Gas Turbine Combustor Mixing at Cranfield
Natural gas accounts for more than 23 percent of the world's energy production. Although it is not used in airplane engines because of its large storage volume, it has become widespread in industrial gas turbines and is the fuel of choice for many to plug the “energy gap” within the United Kingdom.
The use of natural gas within combustors provides new design challenges. The mixing process preceding combustion in gas turbines is crucial to ensure flame stabilization and recirculation of chemicals that lead to high efficiency and reliable performance. Swirl injectors have demonstrated a unique capacity to produce proper aerodynamic conditions within the combustor, introducing vortical structures that enhance mixing and decrease flow velocity. (See Figure 1 and this video.)
Cranfield University has a strong history in computational fluid dynamics (CFD) methods and combustion modelling, training hundreds of CFD experts as part of the Department of Engineering Physics, Masters of Science in CFD program. The master's students have benefited from the close relationship between Cranfield and Pointwise, which has enabled them to gain experience generating both structured and unstructured grids.
In his thesis, Pablo Aguado Lopez (Masters in Science in CFD 2011-12) developed methods and ran large eddy simulation (LES) calculations of a prototype combustor using Flamenco, a fifth order in space, second order in time in-house code developed specifically for multi-species compressible flows. He implemented non-oscillatory fully compressible species tracking via a set of quasi-conservative volume fraction equations. These simulations examine the cold flow to explore the efficiency of this simplified design.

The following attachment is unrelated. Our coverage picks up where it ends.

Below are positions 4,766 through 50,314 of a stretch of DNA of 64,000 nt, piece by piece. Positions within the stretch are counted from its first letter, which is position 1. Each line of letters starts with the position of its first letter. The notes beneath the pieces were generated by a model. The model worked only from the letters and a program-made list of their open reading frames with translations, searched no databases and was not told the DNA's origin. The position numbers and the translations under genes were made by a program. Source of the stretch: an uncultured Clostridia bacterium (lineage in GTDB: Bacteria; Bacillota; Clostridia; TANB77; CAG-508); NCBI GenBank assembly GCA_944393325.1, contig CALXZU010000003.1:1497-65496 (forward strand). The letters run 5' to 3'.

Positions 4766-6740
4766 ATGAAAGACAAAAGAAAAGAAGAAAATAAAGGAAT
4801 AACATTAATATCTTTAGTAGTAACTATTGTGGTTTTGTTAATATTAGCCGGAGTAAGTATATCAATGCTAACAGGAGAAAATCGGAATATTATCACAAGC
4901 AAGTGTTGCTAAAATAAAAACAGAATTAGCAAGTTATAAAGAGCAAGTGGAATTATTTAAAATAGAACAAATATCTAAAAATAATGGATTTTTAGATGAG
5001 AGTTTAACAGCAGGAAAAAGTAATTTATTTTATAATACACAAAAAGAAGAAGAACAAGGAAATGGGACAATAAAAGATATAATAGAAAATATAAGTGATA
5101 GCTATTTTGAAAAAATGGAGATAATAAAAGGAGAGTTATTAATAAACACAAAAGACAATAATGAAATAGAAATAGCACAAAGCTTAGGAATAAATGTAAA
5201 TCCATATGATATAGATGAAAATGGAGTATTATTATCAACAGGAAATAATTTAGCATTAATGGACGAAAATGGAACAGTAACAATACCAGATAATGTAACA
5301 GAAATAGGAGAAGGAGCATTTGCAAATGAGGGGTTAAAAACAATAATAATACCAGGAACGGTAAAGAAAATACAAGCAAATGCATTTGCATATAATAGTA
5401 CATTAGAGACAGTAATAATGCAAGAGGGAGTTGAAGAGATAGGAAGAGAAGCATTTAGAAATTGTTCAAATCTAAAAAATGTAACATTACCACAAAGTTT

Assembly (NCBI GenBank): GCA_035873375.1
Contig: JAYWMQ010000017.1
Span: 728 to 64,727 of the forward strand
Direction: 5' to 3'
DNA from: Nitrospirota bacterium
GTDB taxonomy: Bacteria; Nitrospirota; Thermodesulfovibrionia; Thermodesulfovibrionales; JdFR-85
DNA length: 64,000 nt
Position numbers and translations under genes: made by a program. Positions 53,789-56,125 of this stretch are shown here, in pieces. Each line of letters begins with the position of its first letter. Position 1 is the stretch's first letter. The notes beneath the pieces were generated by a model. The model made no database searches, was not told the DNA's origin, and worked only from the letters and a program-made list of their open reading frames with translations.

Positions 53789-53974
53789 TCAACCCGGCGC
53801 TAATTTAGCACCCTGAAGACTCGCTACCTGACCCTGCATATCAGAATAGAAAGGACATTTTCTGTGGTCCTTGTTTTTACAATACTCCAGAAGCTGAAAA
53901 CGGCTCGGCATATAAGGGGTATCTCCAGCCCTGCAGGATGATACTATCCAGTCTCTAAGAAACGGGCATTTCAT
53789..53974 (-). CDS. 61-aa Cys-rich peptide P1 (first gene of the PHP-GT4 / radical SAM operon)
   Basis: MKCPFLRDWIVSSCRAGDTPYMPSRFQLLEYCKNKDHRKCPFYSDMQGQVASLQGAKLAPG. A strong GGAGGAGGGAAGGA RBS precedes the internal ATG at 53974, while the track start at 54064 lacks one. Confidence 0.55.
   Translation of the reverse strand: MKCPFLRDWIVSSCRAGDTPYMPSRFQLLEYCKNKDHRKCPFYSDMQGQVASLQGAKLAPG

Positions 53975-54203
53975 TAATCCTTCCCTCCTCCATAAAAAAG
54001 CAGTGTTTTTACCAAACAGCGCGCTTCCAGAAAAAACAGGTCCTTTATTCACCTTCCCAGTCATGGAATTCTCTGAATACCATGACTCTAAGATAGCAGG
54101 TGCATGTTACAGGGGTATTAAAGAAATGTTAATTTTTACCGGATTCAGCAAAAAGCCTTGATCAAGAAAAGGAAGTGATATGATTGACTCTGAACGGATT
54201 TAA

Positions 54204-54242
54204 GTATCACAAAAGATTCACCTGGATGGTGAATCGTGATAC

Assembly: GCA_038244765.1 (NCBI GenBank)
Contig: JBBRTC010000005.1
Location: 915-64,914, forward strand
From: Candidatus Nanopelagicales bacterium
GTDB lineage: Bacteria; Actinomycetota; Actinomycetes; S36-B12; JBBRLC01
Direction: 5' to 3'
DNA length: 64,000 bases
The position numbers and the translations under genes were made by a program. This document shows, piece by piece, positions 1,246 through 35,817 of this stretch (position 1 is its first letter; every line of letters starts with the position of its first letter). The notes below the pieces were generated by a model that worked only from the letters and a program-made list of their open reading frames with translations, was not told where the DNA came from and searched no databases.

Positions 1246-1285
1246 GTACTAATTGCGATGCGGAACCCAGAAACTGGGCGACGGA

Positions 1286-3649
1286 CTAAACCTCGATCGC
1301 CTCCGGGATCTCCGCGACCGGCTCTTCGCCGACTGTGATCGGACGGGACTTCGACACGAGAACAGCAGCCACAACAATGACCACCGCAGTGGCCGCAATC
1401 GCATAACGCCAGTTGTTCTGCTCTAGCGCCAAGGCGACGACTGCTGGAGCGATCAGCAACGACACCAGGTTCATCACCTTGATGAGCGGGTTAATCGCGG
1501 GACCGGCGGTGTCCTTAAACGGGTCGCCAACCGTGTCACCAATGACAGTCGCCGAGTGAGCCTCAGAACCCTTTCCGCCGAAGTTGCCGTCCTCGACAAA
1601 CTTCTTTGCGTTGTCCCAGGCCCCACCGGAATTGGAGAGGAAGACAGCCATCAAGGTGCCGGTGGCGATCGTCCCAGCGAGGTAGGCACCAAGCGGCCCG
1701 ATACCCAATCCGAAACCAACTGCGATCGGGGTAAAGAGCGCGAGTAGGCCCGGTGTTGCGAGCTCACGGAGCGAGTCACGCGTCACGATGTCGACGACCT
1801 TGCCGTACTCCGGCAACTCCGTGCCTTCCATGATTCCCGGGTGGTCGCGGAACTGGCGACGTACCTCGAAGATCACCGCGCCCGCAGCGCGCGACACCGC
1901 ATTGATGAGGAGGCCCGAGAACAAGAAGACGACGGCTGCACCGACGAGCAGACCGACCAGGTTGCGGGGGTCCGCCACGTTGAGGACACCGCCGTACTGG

The fully structured grids required were produced in Pointwise, which provided the necessary control over grid spacing, block size and, importantly, a reliable output to CGNS file format used by Cranfield's code Flamenco. The strategy followed to produce both grids was to use the minimum number of cells possible so that low time and computational effort requirements could be accomplished without missing the essential physics of the problem.
The unsteady computations are quite challenging, even at the current coarse grid resolution. The domain was split into 172 blocks in total to enable efficient load balancing in parallel LES simulations on Cranfield's ‘Astral’ HPC facility. The video Lopez produced shows a visualisation of his results, in which he examined the ability of the algorithms at extremely coarse resolution where the large scales are only just resolved. This is effectively an eXtra Large Eddy Simulation (XLES) where true separation of the scales is not achieved. The rotating structures are isosurfaces of Q-criterion, a measure of the strength of rotation relative to strain which is particularly effective at isolating vortex cores, and the contour flood shows the distribution of methane (red) as it mixes into air (blue). (See Figure 2.)
The approach has shown to be well suited for this type of problem because extremely complex characteristic phenomena, such as the central recirculation zone, precessing vortex core and secondary vortical structures are captured surprisingly well from a qualitative point of view. In the combusting case, these vortical structures are important for recirculating radicals and hot combustion products to ensure a stable flame. (See Figures 3 through 11 and this video.)
Figure 7: Radial Turbulent Fuel fluxes
The next steps are to improve results quantitatively through the use of finer grids using Pointwise, improved initialisation and calibrated boundary conditions.